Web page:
An-124 and wing dihedral

Date:         17 May 98 00:43:27 
From:         kls@ohare.Chicago.COM (Karl Swartz)
Organization: Chicago Software Works, Menlo Park, California
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Last Thursday there were a couple of Antonov An-124s parked at Moffet
Field.  (I've seen one there before.  Anyone know what they might be
doing there?)  They reminded me of a question I've had about wing
dihedral.

The dihedral angle of an aircraft's wings refers to the inclination of
the wings from horizontal.  When the 777 first appeared, many people
noted that it seemed to have greater wing dihedral than many other
designs, and indeed if you see one parked next to a 747 it's clear that
the 747's wings are relatively close to horizontal while the 777's wing
tips are far above the 747's.  (Obviosuly you'd better be confident that
the wings of one of the planes aren't sagging from a full load of fuel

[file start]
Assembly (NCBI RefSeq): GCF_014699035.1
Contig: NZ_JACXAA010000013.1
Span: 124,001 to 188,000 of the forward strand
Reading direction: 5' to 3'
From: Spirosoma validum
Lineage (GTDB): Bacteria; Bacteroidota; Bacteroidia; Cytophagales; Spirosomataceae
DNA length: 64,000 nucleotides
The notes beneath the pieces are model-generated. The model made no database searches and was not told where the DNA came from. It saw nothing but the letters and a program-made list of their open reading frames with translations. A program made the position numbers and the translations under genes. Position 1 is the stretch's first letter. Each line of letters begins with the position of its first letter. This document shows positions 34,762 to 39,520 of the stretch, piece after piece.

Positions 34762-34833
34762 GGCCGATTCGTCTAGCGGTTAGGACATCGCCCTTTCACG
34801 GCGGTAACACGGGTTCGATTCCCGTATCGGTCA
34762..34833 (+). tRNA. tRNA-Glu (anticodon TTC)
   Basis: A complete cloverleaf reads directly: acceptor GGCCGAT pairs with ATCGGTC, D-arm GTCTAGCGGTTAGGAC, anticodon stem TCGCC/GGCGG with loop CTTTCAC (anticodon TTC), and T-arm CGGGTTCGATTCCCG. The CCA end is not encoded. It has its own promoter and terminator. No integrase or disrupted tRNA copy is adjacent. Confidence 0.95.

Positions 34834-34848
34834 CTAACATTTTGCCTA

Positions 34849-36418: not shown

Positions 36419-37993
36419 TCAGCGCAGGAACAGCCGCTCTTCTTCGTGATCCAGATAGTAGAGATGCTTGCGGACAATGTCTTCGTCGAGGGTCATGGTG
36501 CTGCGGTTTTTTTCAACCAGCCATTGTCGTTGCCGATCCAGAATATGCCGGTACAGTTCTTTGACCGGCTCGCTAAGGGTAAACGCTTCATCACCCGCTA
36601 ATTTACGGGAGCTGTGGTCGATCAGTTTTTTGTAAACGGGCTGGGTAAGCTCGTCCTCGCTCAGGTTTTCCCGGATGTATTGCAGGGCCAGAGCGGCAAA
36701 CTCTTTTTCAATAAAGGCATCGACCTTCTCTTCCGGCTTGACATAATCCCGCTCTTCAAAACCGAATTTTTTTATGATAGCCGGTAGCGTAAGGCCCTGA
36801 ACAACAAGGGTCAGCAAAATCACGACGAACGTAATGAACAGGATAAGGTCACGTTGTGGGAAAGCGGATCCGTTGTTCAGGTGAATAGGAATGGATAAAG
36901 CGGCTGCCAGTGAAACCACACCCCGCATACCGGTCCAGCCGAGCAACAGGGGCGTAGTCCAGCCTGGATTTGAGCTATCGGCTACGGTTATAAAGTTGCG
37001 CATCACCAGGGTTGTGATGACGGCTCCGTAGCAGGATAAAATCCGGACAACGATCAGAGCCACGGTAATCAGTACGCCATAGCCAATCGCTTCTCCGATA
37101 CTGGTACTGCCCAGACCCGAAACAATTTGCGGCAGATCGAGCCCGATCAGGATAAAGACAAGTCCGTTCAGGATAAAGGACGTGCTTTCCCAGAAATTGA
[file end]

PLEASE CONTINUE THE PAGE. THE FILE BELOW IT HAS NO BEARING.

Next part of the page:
if you make this comparison!)

The An-124 also has substantial wing dihedral, but its wing tips are
*lower* than its wing roots, just the opposite of the 777.  Various US
cargo transports with high wings (C-141, C-5, C-17) are similar, though
not as pronounced as the An-124.

I can see how "positive" dihedral (like the 777) might help cancel out
unwanted roll.  This might also explain why the 777 has greater dihedral
than the 747, since an engine failure on a 777 would produce greater yaw
which in turn would trigger a roll.  (The same sort of yaw-induced roll
which is one of the theories for the USAir 427 crash.)

I can't see what "negative" dihedral (like the An-124) would accomplish,
or why it would even be desireable.

Would someone care to enlighten me on the aerodynamics of wing dihedral?

--
Karl Swartz	|Home	kls@chicago.com
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"The average dog is a nicer person than the average person." - Andrew A. Rooney